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Annotated data is an essential ingredient to train, evaluate, compare and productionalize machine learning models. It is therefore imperative that annotations are of high quality. For their creation, good quality management and thereby reliable quality estimates are needed. Then, if quality is insufficient during the annotation process, rectifying measures can be taken to improve it. For instance, project managers can use quality estimates to improve annotation guidelines, retrain annotators or catch as many errors as possible before release.

Quality estimation is often performed by having experts manually label instances as correct or incorrect. But checking all annotated instances tends to be expensive. Therefore, in practice, usually only subsets are inspected; sizes are chosen mostly without justification or regard to statistical power and more often are not, are relatively small. Basing estimates on small sample sizes, however, can lead to imprecise values for the error rate. Using unnecessarily large sample sizes uses money that could be spent better, for instance on more annotations.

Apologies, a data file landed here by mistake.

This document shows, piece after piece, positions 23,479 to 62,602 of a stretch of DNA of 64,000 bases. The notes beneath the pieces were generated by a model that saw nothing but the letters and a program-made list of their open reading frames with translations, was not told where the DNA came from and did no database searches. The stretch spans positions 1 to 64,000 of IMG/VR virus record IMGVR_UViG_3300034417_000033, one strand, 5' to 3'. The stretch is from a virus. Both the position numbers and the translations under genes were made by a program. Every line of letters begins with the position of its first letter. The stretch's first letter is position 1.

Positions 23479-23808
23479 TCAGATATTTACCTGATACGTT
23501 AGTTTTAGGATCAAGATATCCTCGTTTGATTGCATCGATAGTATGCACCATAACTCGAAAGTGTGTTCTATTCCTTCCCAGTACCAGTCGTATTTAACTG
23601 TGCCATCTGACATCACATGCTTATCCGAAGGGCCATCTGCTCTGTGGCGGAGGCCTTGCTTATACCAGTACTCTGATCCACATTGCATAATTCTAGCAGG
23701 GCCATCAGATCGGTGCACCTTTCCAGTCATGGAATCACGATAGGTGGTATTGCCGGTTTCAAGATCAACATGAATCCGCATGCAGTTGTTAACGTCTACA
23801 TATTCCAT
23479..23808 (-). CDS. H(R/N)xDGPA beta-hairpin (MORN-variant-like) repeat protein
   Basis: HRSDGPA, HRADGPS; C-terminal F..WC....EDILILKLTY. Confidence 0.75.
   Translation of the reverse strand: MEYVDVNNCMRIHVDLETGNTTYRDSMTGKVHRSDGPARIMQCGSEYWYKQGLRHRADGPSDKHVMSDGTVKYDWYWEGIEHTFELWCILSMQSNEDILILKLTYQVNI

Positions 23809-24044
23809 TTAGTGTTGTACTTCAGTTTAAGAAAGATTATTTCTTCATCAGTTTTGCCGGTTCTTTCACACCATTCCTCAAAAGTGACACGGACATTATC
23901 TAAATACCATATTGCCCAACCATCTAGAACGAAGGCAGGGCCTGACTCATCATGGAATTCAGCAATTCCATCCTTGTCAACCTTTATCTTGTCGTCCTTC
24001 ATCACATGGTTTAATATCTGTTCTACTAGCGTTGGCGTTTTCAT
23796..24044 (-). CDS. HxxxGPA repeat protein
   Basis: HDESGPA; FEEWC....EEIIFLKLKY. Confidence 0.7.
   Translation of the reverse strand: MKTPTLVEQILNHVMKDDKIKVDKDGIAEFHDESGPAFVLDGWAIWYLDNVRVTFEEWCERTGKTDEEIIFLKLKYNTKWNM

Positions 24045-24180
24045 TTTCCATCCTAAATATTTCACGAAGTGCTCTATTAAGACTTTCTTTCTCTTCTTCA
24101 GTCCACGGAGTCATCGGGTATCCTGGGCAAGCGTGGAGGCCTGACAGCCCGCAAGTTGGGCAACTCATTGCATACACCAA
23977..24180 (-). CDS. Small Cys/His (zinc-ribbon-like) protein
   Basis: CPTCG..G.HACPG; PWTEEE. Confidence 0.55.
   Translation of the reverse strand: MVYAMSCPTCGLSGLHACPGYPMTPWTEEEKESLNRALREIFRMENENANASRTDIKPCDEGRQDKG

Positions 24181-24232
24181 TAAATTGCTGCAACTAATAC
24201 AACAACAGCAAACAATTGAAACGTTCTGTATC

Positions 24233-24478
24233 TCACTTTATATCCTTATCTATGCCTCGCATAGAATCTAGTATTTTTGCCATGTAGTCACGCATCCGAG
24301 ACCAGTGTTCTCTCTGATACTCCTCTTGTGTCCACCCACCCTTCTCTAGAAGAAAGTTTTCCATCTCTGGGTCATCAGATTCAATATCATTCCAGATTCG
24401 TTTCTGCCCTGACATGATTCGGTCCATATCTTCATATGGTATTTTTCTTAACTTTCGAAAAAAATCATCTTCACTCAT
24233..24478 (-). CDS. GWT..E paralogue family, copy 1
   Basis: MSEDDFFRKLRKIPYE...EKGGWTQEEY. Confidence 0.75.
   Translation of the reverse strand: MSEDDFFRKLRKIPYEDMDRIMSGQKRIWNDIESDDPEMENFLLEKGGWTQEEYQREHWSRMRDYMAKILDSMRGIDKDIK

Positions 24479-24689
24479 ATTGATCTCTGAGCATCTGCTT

Therefore, we first describe in detail how to use confidence intervals for finding the minimal sample size needed to estimate the annotation error rate. Then, we propose applying acceptance sampling as an alternative to error rate estimation We show that it can reduce the required sample sizes up to 50% while providing the same statistical guarantees.

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